Norways Economic Policy in the Arctic

DOI: 10.20542/0131-2227-2020-64-5-101-108
A. Kravchuk (,
Far Eastern Federal University (FEFU), 8, Sukhanova Str., Vladivostok, 690091, Russian Federation

Abstract. Over the past few years, Norway’s energy policy has seen a remarkable turnaround related to the kingdom’s refusal to invest the Government Pension Fund’s money in the petroleum industry. This decision received mixed reviews from experts, who were arguing about its causes and possible consequences. In this paper the author intends to study the current state of the oil and gas sector of the Norwegian economy and development prospects for it. Oil and gas not only make up Norway’s main export item, but also allow it to occupy a more significant place in the European system of international relations due to its significant contribution to the EU’s energy security. Given the fact that the most efficient fields in the North Sea and the southern part of the Norwegian Sea are pretty close to exhaustion, Oslo needs new fields, and most of them are expected to be discovered in the Arctic. But there’s still considerable disagreement among the parties to the Treaty of Paris over the status of maritime areas around Svalbard, which remains the main obstacle in Norway’s way to arctic resources. Oslo takes a tough stance on this issue, which is not limited only by the declaration of its national interests, but is reinforced by decisive actions to protect them. As analysis shows, this policy works, but its success is largely determined by the passivity of other nations, which do not take specific measures to protect their own interests. Despite numerous threats to appeal to the UN International Court of Justice, none of the countries whose rights under the Svalbard Treaty were repeatedly violated by Norway have done it yet. Although the results of such a dispute may not be in favor of Norway, since its position on Svalbard, which was examined in the work, leaves many questions from the international law perspective. In conclusion, the modern energy policy of Norway was studied, as a result the author suggests that hydrocarbons will remain country’s principle export item in years to come, and changes in the state investment program should not be seen as an attempt to abandon oil and gas industry, but as the desire to diversify its economy.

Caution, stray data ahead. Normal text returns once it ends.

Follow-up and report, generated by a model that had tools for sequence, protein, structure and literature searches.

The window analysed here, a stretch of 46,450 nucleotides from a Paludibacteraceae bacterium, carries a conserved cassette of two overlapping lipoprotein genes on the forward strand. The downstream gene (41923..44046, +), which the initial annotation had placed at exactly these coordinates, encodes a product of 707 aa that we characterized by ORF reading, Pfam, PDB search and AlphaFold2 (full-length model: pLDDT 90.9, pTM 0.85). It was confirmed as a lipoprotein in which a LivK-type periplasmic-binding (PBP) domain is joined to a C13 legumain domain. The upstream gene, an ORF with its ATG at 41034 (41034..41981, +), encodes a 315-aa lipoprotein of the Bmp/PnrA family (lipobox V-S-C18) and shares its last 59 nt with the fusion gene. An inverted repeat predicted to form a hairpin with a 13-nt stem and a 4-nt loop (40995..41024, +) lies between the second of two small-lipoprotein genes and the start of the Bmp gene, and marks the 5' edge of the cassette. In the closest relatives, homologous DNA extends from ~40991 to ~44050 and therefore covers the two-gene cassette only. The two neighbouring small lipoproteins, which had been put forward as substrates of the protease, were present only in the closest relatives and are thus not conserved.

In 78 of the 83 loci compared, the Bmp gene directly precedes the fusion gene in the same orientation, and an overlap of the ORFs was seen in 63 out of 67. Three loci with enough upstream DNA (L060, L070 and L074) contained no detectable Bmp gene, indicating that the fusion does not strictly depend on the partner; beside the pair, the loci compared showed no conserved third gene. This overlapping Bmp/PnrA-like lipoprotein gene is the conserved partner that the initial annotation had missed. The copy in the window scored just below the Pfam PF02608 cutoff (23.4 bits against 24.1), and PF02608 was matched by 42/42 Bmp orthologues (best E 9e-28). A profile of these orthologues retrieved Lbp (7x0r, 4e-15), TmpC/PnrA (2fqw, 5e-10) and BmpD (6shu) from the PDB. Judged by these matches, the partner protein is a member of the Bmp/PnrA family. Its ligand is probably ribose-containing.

Keywords: Norway, Arctic, gas, oil, Svalbard, economy


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For citation:
Kravchuk A. Norways Economic Policy in the Arctic. World Eonomy and International Relations, 2020, vol. 64, no. 5, pp. 101-108.

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